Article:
In his inaugural address in 1861 Lincoln said, “I have no purpose, directly or indirectly, to interfere with the institution of slavery in the states where it exists.” The Emancipation...
In his inaugural address in 1861 Lincoln said, “I have no purpose, directly or indirectly, to interfere with the institution of slavery in the states where it exists.” The Emancipation Proclamation took effect on January 1, 1863. Explain why and how this marked change of policy took place.
President Lincoln changed his approach on the issue of slavery, not because of a strong ideological awakening, but as a strategy to help the Union win the Civil War. The Emancipation Proclamation could be considered a war strategy and not a moral crusade. In making the Emancipation Proclamation, Lincoln changed the aim of the Civil War to a moral cause rather than a political one. This action was meant to change the morale of the Union soldiers and to gain further political support in the North.
The freeing of slaves was ultimately meant to injure the Confederate War efforts. Slaves in the South were used for many military purposes including the use of slave labor to produce food and other goods for the Confederate states. The slaves were also used by the South to dig trenches and other menial projects for the army. By the end of the war, the Union had freed over a half a million slaves by allowing them to escape behind Union lines. This had a crippling effect on the Confederate efforts to win the War. The Union benefited from the Emancipation Proclamation in terms of military enlistment as well because over 180,000 African-Americans joined on the side of the Union. It is unlikely that African-Americans would have cared to serve if not for the Emancipation Proclamation, which rendered the war a moral crusade against slavery.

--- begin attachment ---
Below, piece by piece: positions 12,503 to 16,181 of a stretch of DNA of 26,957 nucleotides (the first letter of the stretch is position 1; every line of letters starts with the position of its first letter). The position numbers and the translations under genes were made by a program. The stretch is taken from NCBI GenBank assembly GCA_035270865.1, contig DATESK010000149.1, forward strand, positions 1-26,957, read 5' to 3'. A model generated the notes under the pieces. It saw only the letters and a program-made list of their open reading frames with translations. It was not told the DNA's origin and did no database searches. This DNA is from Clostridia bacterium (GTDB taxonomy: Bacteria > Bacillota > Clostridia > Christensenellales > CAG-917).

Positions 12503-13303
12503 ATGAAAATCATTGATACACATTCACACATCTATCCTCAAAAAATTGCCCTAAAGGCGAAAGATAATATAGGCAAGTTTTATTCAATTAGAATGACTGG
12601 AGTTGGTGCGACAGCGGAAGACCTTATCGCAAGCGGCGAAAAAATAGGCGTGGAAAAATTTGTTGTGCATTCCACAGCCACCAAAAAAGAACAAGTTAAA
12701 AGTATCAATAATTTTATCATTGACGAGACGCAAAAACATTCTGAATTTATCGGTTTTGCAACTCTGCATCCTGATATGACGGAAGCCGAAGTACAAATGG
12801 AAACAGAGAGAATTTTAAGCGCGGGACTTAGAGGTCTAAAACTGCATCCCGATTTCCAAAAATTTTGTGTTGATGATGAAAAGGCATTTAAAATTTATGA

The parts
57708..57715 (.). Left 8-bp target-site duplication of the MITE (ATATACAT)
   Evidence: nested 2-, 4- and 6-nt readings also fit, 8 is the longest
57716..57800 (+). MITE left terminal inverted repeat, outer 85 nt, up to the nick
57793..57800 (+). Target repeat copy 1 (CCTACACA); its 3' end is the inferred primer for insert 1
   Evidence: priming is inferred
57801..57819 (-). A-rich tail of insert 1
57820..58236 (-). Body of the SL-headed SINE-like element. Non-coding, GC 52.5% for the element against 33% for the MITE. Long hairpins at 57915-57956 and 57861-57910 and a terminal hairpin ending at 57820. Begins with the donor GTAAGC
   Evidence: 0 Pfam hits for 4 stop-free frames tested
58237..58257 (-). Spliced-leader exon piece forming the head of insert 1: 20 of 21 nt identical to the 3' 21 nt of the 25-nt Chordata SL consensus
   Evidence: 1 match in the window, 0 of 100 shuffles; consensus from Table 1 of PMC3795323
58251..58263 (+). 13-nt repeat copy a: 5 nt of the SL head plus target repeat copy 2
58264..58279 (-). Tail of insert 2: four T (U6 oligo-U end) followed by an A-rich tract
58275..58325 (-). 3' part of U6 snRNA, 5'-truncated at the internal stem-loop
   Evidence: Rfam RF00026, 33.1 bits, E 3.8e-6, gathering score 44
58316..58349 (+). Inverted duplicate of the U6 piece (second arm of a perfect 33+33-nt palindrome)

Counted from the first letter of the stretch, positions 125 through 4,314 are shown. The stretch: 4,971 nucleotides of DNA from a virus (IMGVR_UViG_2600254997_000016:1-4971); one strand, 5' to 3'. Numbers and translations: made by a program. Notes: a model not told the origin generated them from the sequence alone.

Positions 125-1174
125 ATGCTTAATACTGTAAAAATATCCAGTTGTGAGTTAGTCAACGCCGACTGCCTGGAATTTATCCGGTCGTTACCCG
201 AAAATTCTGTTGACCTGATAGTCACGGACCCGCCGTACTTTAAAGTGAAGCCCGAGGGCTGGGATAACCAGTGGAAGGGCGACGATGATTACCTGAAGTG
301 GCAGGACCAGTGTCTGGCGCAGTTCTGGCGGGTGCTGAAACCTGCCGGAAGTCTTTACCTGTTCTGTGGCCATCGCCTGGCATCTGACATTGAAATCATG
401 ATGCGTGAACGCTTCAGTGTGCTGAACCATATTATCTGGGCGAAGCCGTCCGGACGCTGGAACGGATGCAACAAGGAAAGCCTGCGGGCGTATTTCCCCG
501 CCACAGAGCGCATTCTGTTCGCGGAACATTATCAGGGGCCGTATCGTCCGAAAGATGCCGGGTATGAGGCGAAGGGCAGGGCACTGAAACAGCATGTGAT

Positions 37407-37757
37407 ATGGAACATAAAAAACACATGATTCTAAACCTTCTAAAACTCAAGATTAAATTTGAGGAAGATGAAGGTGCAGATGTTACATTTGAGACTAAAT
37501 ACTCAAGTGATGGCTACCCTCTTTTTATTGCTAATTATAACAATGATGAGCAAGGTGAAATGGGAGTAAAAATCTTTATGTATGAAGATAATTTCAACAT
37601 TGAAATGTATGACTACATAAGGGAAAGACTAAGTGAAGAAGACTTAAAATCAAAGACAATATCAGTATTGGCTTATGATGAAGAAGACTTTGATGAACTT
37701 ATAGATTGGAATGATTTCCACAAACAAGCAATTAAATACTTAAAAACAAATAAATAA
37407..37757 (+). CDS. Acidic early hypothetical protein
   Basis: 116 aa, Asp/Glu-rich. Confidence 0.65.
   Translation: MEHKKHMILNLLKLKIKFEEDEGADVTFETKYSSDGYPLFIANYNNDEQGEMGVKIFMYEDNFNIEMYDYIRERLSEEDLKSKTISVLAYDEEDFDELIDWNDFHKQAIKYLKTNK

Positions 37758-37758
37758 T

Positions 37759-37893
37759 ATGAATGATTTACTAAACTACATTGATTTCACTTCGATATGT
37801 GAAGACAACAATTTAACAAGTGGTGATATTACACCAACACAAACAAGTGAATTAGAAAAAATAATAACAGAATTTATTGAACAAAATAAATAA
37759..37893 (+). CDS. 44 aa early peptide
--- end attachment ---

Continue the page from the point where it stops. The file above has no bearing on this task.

The Emancipation Proclamation was also delivered for a political purpose. The Civil War was not going very well for the Union. Lincoln was losing favor amongst one of his key political groups: the abolitionists. Many in the abolition movement felt that Lincoln had turned his back on their cause and grew frustrated with the pace of ending slavery. By delivering the Emancipation Proclamation, Lincoln essentially guaranteed an end to chattel slavery should the Union win the War.